And because religion is associated in many people’s minds with morality (an association which, as I suggested earlier, is quite unnecessary – there are very good evolutionary reasons why we value “goodness”), believers often look down on those who don’t believe, or who don’t share THEIR beliefs, and think they can’t be good or moral. Again, this isn’t a helpful way to approach other people: it’s divisive, for a start, and it’s very insulting to people who don’t share the beliefs but are in all respects as good and moral and kind and caring and fulfilled as the believers are.

If the claims made about the various gods are not true, then this is a purely negative consequence of religion, so again, it MATTERS whether it is true or not.

At a national level (in the UK), the law states that all schoolchildren must take part in a daily act of Christian worship; buildings and land used for religious purposes are automatically exempt from being valued for tax purposes; religious activities – including the costs of missionary work to convert others – are automatically treated as charitable and so are given tax-free status; religious leaders are automatically given places in committees considering ethical issues; and we have 26 Bishops in the House of Lords, having a direct influence on the legislation of this country. I could go on, but you get the idea! Religion is granted a lot of influence in this country, and at the taxpayers’ expense too.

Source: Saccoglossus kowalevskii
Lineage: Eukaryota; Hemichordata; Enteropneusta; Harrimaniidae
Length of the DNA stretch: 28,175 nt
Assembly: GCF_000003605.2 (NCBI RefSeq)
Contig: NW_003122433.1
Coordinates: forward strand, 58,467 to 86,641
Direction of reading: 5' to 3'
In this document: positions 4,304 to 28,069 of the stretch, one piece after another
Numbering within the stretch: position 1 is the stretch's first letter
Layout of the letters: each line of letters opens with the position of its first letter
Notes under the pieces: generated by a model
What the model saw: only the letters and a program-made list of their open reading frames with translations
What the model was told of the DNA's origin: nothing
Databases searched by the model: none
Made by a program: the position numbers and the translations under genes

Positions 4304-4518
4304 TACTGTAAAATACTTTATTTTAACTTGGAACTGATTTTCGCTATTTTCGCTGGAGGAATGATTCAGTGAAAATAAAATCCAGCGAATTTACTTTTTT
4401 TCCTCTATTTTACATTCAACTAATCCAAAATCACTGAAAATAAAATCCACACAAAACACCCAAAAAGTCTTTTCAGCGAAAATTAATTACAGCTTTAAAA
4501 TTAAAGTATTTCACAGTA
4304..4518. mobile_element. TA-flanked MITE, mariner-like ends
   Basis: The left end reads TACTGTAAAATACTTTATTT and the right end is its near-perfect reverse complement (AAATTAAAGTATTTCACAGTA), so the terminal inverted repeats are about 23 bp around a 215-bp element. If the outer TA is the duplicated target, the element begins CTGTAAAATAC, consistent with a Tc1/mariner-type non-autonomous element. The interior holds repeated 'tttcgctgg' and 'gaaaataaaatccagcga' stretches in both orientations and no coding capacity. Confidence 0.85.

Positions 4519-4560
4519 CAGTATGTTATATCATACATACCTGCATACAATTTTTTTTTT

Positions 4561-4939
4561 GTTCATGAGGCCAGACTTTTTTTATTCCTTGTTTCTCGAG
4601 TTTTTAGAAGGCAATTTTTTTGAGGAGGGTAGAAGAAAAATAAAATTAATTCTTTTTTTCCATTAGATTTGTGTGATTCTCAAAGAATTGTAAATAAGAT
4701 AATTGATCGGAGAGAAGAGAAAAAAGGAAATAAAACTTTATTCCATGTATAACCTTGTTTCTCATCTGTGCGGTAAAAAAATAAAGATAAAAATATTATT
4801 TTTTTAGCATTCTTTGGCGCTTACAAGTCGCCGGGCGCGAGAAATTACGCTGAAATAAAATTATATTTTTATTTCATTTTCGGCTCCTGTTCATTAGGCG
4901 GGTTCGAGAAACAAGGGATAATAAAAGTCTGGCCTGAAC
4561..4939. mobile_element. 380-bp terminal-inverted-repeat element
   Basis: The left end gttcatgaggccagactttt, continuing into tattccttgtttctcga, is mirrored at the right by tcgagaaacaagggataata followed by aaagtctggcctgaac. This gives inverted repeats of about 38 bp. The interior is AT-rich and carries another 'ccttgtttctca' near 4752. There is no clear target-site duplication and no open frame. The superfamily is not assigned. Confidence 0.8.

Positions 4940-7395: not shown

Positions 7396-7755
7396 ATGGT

Now, if there was good reason to believe that the claims of religion were TRUE, then there would be good reason for society to support religion in this way. But if there is NO good reason to believe that the claims of religion are true, then it is quite legitimate to challenge the influence that religion has, isn’t it?

So religious belief is far from just being a personal matter for the individual. It directly affects all of us, whether we want it to or not.

For all these reasons, I would argue that it matters very much indeed whether or not there is good reason to believe that there is a god.

Hope that helps.
Paula

Posted: January 1st 2009

See all questions answered by Paula Kirby

brian thomson www

When it comes to human issues, religious or otherwise, “truth” is elusive. So, when it comes to scientific matters, the best approximation to “truth” is what’s left when you remove human factors from any investigation, as much as possible.

Have you been following the news from the Middle East, particularly Israel and Gaza? What kind of decision-making processes went in to creating that situation? What is the “truth” there?

If we try and “see through” the religious issues, take the people out of the equation, and get down to earth, that’s where we end up: pieces of earth. What piece of earth is worth dying over? “Holy Land”?

Posted: January 1st 2009

See all questions answered by brian thomson

SmartLX www

Try asking a religious person the same question. Why does it matter whether or not there is a god? Their answer: because if there is, and you are not living for him, you will suffer forever.

From an atheist’s perspective, what does it matter that people believe in false gods (and at least 4 billion people certainly do)? It affects their lives in the here and now in huge ways. These people are wasting vast amounts of time, money, energy and effort for a reward they will never receive. That’s the best-case scenario; many of these people are also victimising those who do not share their beliefs, in a variety of ways.

If belief’s only effect was to comfort people, it’d be harmless. That’s just not the case.

Posted: December 31st 2008

See all questions answered by SmartLX

 

Is your atheism a problem in your religious family or school?
Talk about it at the atheist nexus forum